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In working with women every day, I know one of the things that often holds us back from attempting new things or making changes or doing something we haven’t done in a long time – the biggest thing that often holds us back – is fear.
Fear of failure. Fear of judgment.
And fear of being imperfect.
I’ve been thinking a lot about this lately.
One of the biggest reasons I fail to start a project is because I haven’t figured out the perfect way to do it.
I mean, it took me months to reorganize my kitchen pantry because I couldn’t figure out the perfect system.
To reorganize a wooden box that contained cans and cardboard boxes.
The first time you do anything, you aren’t going to do it perfectly.
The first time you attempt to walk you don’t do it perfectly.
The first time you cook a turkey you very likely won’t do it perfectly.
The first time you make a painting or reupholster a chair or install a light switch or run a 5K or teach a class or coach a team, you aren’t going to do it perfectly.
You never really do anything perfectly. Even after a dozens or hundreds of attempts.
If you are a parent you know this.
You need like five or ten kids before you get the hang of what you are doing.
That’s why I imagine being a grandparent is so much fun. Cause you know what you are doing by then. (Plus you know you get to give the kids back at some point).
So where does this come from? Especially in women?
Where does this feeling of the need to do things perfectly originate?
Well, yesterday I got my answer to that.
Or at least part of the answer.
I’m one of those all-white-Christmas-lights kind of person. Inside and outside.
We have a bunch of white lights I put up outside every year.
But the kids really wanted some colored lights outside.
So I told them I would get some. And I put them on some of the bushes in front of the house yesterday.
We had one string left over and the kids really wanted to put it somewhere, but we couldn’t find a place where just one string of lights would be enough.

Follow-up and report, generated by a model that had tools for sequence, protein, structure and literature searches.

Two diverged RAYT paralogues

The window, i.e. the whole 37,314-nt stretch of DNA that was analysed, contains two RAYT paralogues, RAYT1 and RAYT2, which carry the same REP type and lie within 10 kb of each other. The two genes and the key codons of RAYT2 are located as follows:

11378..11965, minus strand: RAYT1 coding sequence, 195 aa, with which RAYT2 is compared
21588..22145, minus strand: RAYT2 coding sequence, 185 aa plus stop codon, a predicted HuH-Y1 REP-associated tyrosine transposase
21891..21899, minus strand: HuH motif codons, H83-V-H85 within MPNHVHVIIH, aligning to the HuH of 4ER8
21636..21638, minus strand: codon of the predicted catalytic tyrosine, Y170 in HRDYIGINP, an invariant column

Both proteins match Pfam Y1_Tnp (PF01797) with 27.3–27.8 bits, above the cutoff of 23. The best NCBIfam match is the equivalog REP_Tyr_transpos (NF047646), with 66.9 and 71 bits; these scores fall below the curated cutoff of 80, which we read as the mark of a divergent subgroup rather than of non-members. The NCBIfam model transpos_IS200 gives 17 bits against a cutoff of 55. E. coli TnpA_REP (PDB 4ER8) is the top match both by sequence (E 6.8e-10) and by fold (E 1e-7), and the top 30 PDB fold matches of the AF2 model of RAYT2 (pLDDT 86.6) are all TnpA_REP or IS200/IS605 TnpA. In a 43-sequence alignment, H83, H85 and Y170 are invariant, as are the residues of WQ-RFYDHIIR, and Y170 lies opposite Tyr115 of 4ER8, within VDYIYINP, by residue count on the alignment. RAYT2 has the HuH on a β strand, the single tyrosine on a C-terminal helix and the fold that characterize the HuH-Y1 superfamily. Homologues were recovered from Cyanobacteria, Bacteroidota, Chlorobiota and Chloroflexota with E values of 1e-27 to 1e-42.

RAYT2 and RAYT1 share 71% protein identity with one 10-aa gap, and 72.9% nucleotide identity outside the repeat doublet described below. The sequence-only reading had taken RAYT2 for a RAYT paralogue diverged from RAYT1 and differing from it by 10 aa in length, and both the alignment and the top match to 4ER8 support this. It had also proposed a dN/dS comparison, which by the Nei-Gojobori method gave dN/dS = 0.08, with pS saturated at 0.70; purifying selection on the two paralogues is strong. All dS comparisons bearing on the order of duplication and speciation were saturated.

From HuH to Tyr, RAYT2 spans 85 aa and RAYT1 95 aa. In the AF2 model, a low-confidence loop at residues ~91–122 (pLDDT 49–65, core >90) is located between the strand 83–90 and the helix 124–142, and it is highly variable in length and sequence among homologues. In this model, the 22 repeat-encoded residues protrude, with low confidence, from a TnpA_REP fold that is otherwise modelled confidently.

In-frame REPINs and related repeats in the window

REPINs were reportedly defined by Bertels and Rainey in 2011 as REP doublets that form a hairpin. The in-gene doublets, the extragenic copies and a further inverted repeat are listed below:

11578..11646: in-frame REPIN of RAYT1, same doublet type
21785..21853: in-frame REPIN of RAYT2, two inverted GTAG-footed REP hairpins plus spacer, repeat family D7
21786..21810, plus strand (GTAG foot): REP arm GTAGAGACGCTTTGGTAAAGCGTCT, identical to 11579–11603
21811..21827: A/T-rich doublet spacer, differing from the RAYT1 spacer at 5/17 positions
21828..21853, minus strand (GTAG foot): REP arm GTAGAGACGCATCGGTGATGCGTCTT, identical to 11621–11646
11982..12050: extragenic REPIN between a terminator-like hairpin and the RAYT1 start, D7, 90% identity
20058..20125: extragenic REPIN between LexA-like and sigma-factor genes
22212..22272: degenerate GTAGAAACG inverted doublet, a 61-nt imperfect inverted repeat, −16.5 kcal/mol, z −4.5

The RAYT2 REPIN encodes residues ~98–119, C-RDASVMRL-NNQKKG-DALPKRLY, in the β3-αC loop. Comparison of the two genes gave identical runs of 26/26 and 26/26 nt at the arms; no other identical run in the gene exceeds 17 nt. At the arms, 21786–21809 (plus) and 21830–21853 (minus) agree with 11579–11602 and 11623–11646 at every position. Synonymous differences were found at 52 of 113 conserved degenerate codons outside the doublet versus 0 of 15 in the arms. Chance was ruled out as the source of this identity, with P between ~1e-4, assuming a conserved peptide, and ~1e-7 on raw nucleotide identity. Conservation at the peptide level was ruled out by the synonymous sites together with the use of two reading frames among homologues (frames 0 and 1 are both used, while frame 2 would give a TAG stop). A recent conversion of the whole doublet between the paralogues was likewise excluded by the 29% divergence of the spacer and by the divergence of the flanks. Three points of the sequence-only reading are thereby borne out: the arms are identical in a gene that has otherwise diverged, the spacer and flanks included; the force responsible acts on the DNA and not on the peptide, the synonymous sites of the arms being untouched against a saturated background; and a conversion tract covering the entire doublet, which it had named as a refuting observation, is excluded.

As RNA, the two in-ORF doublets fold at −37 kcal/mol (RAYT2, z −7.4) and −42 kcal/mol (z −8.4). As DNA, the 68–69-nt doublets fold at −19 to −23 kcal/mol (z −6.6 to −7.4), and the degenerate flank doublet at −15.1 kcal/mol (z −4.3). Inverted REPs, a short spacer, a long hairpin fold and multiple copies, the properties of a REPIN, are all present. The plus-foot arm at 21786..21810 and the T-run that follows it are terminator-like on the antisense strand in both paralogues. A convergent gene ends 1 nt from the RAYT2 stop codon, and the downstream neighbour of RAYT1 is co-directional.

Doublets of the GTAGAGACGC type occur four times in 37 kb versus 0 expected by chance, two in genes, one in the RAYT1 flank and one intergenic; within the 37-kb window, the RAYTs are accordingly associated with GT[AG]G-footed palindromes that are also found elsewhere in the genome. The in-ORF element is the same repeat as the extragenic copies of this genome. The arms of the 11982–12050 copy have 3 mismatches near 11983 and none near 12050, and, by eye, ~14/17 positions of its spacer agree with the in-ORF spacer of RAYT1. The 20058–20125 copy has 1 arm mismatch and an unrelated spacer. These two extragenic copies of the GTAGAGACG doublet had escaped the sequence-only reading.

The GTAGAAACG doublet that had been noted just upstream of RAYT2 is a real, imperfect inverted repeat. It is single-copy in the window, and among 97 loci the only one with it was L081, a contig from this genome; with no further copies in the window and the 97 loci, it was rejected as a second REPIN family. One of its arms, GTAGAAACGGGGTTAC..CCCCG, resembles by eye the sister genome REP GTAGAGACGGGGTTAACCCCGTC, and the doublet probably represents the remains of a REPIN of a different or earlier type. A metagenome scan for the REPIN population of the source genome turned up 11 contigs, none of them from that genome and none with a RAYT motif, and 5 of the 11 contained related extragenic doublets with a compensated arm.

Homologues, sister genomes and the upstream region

And then Number 5 and Number 7 who were helping me said, “Mommy! What about the mailbox???”
So we found an extension cord long enough to reach the mailbox and then the girls went to decorating it.
I watched them.
They were super cute and super proud as they wrapped the lights around the post and the box.
And you know what I did?
I came over and corrected the way they were doing it.
“Hold on,” I said. “Let me help you. If you -“
“MOM!” Number 5 said, clearly irritated by my intrusion.
“WHY CAN’T WE JUST DO IT OURSELVES? WHY DOES IT HAVE TO BE PERFECT???”
She was right.
Why did I have to butt in?
I thought about that all day today.
I had to butt in because people would drive by our house and see and imperfectly wrapped and decorated mailbox.
And they would think, “That mailbox looks like shit.”
I was projecting the judgment of other people onto our stupid mailbox.
A mailbox that people would see driving by at 40 miles an hour and not really have the time to see in detail.
And even if they did see it in detail and think to themselves, That person did a shitty job decorating that mailbox, who gives a flying f*ck what they think?
In reality, I bet anyone who notices the stupid mailbox thinks, Huh! What a cute mailbox!
So I caught myself.
I caught myself sending the message to my daughters that if it’s not done perfectly then it’s not enough.
So I left them alone and I let them finish.
They plugged in the lights, stood back, and admired their work.
“MOMMY!” They said excitedly.
“Come and look!!!!”
“You guys did a great job doing that all by yourself!” I told them.
They were really proud of themselves.
It was another lesson in proactivity and independence for them.
I walked inside with them, as they kept looking back to check out their handiwork.
And as I reflected on this today, I was reminded of the messages I’m sending to my girls and how those messages will last a lifetime, well into their adulthood.
If I’m going to be totally honest, this morning, when I knew they weren’t looking, I also went back and adjusted those damn lights.
I just couldn’t stop myself.
I HAD TO FIX THEM.
I know I’m still a work in progress. I know I still have to work on this perfection thing, too.
Yesterday was a big reality check.
I continue to send messages I don’t want to be sending, and half the time I don’t even realize I’m doing it until it’s already been done.
Thank goodness I have a couple ballsy girls who aren’t afraid to tell their mom to back off.
So I guess I’m doing a couple things right.
And the rest?
Well, that will come with time and practice and the acceptance that nobody does things perfectly.
Especially when it comes to this parenting thing.